It’s hard to say how much people really invested. Sure, there were the obvious statistics: the jackpot was $650 million, the cost of a winning ticket was just a single dollar, and the odds of winning the Mega Millions lottery last Spring were 1 in 176 million. It’s not hard to find the statistics, but it’s hard to say how much people really invested. How many people were just looking for a cheap thrill - some easy entertainment? How many were actually dreaming about a life transformed? Despite the odds stacked against them, how many watched those lotto numbers come up, one after another, and felt disappointed, let down, or crushed when the lotto didn’t change their lives this year? It’s hard to say just how much people really invested.
Believe it or not, it’s the same question we find all over the Gospels. We saw it last Sunday when, Jesus sat down and watched the crowd putting money into the treasury. Many rich people put in large sums…. But it was hard to say how much they really invested. Were they just going through the motions, doing their civic duty? Or were they actually investing in the hope, the promise, and the work of God’s Kingdom? How many people threw their money into the treasury and felt disappointed, let down, or crushed because they knew God’s Kingdom probably wouldn’t change their lives that year?
A poor widow came and put in two small copper coins… and he said to them, “Truly I tell you, this poor widow has put in more than all those who are contributing to the treasury.” When it comes to Christian giving, the real question isn’t whether we’ve invested our whole bank account. It’s whether we’ve invested our whole selves. The real question is whether our Christian journey is just about going through the motions, just doing our civic duty, or whether we’re actually investing our selves in the hope, the promise, and the work of God’s Kingdom. The sad truth is that this poor widow only had two small coins to her name. That’s the only reason it was so easy to see how much she really invested: everything she had.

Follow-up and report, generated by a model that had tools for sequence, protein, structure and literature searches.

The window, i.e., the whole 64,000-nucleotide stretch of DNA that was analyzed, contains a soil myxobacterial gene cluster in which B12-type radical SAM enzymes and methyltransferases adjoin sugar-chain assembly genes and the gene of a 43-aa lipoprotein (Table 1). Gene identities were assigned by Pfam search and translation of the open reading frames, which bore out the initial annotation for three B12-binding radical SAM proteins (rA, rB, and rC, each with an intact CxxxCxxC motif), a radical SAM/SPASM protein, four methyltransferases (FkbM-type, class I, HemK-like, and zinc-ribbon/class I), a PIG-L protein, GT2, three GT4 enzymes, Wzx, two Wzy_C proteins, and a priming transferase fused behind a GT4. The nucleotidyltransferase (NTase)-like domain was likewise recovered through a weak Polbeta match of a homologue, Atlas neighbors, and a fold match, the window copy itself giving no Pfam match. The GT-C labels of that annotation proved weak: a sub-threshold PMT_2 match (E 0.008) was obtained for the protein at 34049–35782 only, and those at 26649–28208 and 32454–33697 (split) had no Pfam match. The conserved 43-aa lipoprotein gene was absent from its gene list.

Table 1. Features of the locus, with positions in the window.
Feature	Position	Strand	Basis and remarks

This year’s stewardship drive is about investing our whole selves. As we discussed last Sunday, our financial pledging has never been higher (!) and we’re closer to a balanced budget than we even imagined (!). Our Stewardship Flyer gives a pretty clear snapshot (HERE). We have many people to thank, and many have faithfully “put their money into the treasury.” But the real question isn’t whether we’ve invested our whole bank account. It’s whether we’ve invested our whole selves, whether we’ve invested our selves in this community of Christian worship and service. I invite you take your Pledge Card and join me by investing all of our selves in the work of God’s Kingdom. And I invite you to imagine what it would look like for someone to visit St. C’s and say, “Truly I tell you, these people have invested everything they have.”
The Rev’d. Eric M. Hillegas
PS - Please make every effort to return your pledge by Dec. 2 to assist with our annual budget. If you have not received a Pledge Card please contact the Church Office.